After the initial earthquake, there have been more than 100 aftershocks which have slowed in frequency over the weeks. Just yesterday, April 7, we felt a large 6.3 magnitude aftershock which reportedly damaged one of the functioning airstrips in the area which will further hamper the recovery efforts. Please continue to pray for those affected.

Handing off  the surgery
 "on-call" phone
         The unexpected did not end there. In the week following the earthquake, a lightning strike took out the station's phone system, resulting in a month of very interesting on-call arrangements until the system could be fixed. During that time the autoclaves also broke which forced work at the hospital to limp along for several weeks until they could be suitably repaired (as detailed on Dr. Erin's blog) . During that same period, we also experienced an increased frequency of power outages which reminded me of a blog post I wrote last year at about this time. As they say: when it rains, it pours!

Unloading the container (on left)
Thankfully, most things are back to normal around the hospital now and not all unexpected events are bad. Several weeks ago, we got a very pleasant surprise when a long-awaited shipping container from Nazarene Hospital Foundation finally arrived. In addition to the much-needed, donated supplies and medications, we also received a HUGE order of new re-usable surgical gowns and linens. The last time our linens were updated was 20 years ago and the patchwork gowns were starting to reflect their age. Thanks to the generosity of many who have donated to the hospital's Greatest Need Fund, we hope to have reliable surgical gowns and linens for another 20 years. I can't wait to see what new surprises are in store this week and this month!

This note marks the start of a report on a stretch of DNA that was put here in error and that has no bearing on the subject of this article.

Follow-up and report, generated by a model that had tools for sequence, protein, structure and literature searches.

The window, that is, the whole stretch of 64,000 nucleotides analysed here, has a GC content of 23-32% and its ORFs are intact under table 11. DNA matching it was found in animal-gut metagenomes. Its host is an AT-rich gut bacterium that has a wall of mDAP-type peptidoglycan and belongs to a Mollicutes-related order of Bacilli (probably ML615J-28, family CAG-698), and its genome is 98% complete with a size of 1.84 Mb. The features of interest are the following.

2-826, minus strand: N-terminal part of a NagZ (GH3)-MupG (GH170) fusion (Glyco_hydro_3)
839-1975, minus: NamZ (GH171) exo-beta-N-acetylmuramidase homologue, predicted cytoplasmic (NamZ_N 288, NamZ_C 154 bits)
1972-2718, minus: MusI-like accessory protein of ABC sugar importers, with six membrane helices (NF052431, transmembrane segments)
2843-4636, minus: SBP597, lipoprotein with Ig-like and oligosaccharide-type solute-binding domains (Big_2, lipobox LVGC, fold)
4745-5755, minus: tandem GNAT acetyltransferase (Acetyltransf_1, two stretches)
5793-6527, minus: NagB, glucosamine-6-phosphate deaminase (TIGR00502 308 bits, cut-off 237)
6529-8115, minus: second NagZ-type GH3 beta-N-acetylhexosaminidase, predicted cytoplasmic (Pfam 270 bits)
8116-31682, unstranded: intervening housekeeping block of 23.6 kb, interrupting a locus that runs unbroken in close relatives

New surgical linens!!!

*If you would like more information on how to aid our work at Kudjip Nazarene Hospital through sending medical supplies or financial contributions, please click the links above. Thank you to everyone who makes our continued work here possible.